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1 Di Noia J. “Defining Powerhouse Fruits and Vegetables: A Nutrient Density Approach.” Prev Chronic Dis 2014;11:130390. Web. https://www.cdc.gov/pcd/issues/2014/13_0390.htm
2 United States Department of Agriculture. Basic Report: 11591, Watercress, raw. National Nutrient Database for Standard Reference. April 2018. Web. https://ndb.nal.usda.gov/ndb/foods/show/11591?fgcd=&manu=&format=&count=&max=25&offset=&sort=default&order=asc&qlookup=watercress&ds=&qt=&qp=&qa=&qn=&q=&ing=
3 Pisoschi AM, Pop A. “The role of antioxidants in the chemistry of oxidative stress: A review.” Eur J Med Chem. 2015 Jun 5;97:55-74. Web. https://www.ncbi.nlm.nih.gov/pubmed/25942353
4 Fusaro M, Mereu MC, Aghi A, Iervasi G, Gallieni M. “Vitamin K and bone.” Clin Cases Miner Bone Metab. 2017 May-Aug;14(2):200-206. Web. https://www.ncbi.nlm.nih.gov/pubmed/29263734
5 Viguet-Carrin, s., Garnero, P., and Delmas, P.D. “The Role of Collagen in Bone Strength.” Osteoporosis International. 2006. 17: 319-336. DOI 10.1007/s00198-005-2035-9. PDF. http://www.cof.org.cn/pdf/2006/5/The%20role%20of%20collagen%20in%20bone%20strength.pdf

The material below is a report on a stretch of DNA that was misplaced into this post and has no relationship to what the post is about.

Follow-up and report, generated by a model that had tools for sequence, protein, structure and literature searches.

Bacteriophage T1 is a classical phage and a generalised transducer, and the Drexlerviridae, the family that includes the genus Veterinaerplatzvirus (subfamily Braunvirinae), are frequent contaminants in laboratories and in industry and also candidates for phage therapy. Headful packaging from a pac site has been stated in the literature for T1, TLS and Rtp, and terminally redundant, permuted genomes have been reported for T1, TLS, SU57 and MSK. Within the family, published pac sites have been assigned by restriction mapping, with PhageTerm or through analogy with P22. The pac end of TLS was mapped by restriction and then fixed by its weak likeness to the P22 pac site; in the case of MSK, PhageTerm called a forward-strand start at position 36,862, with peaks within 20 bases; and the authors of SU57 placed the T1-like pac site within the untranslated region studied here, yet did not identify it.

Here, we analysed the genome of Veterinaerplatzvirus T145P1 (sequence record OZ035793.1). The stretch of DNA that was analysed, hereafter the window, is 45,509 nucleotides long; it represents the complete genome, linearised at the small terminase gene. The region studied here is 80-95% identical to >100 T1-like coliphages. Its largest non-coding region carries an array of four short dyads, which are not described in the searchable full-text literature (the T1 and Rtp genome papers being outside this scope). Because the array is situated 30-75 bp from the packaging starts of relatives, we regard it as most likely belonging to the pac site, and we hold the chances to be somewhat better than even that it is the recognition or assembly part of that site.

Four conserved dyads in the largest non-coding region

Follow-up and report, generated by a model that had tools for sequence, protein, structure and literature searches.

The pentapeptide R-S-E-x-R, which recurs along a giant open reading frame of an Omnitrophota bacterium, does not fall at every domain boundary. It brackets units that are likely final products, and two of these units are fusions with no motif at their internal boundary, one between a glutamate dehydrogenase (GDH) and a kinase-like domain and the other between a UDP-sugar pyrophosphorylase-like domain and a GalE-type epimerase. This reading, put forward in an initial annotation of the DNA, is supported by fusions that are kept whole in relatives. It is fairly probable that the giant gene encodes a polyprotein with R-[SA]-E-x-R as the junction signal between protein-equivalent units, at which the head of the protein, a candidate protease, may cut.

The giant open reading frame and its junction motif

6 Abdel-Aal el-SM, Akhtar H, Zaheer K, Ali R. “Dietary sources of lutein and zeaxanthin carotenoids and their role in eye health.” Nutrients. 2013 Apr 9;5(4):1169-85. Web. https://www.ncbi.nlm.nih.gov/pubmed/23571649
7 Thomas Hong; Paul Mitchell; George Burlutsky; Chameen Samarawickrama; Jie Jin Wang. “Visual Impairment and the Incidence of Falls and Fractures Among Older People: Longitudinal Findings From the Blue Mountains Eye Study.” Clinical and Epidemiologic Research. November 2014. Web: http://iovs.arvojournals.org/article.aspx?articleid=2266011
8 Raghaven, Mekhala. “Investigation of Mineral and Collagen Organization in Bone Using Raman Spectroscopy.” University of Michigan. 2011. PDF. Web: http://deepblue.lib.umich.edu/bitstream/handle/2027.42/84443/mekhala_1.pdf